But blackest in the black catalogue of crime, most horrible among the fiendish deeds of all the dreadful centuries, was the St. Bartholomew Massacre. The world still recalls with shuddering horror the scenes of that most cowardly and cruel onslaught. The king of France, urged on by Romish priests and prelates, lent his sanction to the dreadful work. A bell, tolling at dead of night, was a signal for the slaughter. Protestants by thousands, sleeping quietly in their homes, trusting to the plighted honor of their king, were dragged forth without a warning and murdered in cold blood.

As Christ was the invisible leader of His people from Egyptian bondage, so was Satan the unseen leader of his subjects in this horrible work of multiplying martyrs. For seven days the massacre was continued in Paris, the first three with inconceivable fury. And it was not confined to the city itself, but by special order of the king was extended to all the provinces and towns where Protestants were found. Neither age nor sex was respected. Neither the innocent babe nor the man of gray hairs was spared. Noble and peasant, old and young, mother and child, were cut down together. Throughout France the butchery continued for two months. Seventy thousand of the very flower of the nation perished.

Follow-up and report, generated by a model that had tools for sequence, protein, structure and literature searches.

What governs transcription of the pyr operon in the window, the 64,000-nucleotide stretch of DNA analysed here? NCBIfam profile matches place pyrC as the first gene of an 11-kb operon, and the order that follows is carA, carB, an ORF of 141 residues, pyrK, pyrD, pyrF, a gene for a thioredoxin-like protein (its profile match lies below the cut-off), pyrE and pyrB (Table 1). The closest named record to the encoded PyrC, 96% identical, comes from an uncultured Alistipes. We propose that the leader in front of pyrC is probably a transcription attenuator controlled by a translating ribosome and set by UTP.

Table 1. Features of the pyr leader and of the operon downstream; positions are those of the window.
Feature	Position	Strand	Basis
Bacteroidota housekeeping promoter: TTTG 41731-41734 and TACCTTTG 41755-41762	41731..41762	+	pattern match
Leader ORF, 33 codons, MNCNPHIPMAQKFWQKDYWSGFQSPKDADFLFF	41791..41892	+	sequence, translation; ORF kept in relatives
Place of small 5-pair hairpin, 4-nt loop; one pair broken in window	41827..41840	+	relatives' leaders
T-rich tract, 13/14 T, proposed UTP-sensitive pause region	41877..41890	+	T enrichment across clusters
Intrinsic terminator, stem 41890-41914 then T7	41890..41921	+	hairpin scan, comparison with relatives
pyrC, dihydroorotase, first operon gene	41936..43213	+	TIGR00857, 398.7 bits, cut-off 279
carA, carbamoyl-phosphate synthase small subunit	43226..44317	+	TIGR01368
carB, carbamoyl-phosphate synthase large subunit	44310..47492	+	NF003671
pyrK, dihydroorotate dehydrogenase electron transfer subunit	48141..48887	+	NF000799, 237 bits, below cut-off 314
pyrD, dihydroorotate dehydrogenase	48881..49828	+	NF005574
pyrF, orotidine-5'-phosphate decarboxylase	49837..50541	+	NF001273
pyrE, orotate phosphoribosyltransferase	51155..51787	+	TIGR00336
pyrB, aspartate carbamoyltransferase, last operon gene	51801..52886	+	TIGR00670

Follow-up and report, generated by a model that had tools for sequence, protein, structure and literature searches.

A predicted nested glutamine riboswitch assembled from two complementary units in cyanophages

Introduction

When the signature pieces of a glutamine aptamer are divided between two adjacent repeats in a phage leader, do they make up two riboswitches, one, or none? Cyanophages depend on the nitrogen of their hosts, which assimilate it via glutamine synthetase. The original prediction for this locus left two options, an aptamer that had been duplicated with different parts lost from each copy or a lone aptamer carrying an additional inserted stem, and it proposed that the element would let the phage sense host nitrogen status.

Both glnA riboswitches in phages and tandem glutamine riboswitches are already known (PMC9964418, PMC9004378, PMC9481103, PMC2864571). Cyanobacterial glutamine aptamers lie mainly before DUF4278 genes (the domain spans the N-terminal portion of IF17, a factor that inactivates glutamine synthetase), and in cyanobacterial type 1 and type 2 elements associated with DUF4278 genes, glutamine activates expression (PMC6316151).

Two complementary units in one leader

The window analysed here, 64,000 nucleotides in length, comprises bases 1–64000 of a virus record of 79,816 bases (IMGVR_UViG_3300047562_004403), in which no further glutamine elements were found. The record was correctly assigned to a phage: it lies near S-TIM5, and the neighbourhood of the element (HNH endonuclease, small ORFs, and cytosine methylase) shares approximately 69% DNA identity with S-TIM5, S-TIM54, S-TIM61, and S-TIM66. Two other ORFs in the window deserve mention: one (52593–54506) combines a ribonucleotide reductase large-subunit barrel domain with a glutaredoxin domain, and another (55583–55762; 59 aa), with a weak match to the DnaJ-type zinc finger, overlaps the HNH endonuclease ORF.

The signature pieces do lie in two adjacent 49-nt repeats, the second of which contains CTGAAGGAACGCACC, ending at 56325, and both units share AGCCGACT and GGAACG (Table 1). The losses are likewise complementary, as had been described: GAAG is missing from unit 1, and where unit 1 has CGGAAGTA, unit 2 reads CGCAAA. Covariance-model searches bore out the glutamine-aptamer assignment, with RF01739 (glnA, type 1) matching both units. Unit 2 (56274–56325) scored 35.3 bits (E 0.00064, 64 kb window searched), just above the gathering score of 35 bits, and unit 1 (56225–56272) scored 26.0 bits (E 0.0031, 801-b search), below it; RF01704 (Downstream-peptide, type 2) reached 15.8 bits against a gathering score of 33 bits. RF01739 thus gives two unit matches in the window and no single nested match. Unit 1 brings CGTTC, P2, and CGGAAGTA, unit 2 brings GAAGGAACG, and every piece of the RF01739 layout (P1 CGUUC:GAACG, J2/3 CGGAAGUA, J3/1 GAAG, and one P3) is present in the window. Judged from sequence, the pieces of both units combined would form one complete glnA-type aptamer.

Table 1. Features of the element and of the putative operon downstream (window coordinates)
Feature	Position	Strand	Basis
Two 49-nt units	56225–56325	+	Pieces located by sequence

"When the news of the massacre reached Rome, the exultation among the clergy knew no bounds. The cardinal of Lorraine rewarded the messenger with a thousand crowns; the cannon of St. Angelo thundered forth a joyous salute; and bells rang out from every steeple; bonfires turned night into day; and Gregory XIII, attended by the cardinals and other ecclesiastical dignitaries, went in long procession to the church of St. Louis, where the cardinal of Lorraine chanted a Te Deum . . . . A medal was struck to commemorate the massacre, and in the Vatican may still be seen three frescoes of Vasari, describing the attack upon the admiral, the king in council plotting the massacre, and the massacre itself. Gregory sent Charles the Golden Rose; and four months after the massacre, . . . he listened complacently to the sermon of a French priest, . . . who spoke of 'that day so full of happiness and joy, when the most holy father received the news, and went in solemn state to render thanks to God and St. Louis.'" - Henry White, The Massacre of St. Bartholomew, ch. 14, par. 34.



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© S. D. Goeldner, February, 2011. Last updated October, 2017.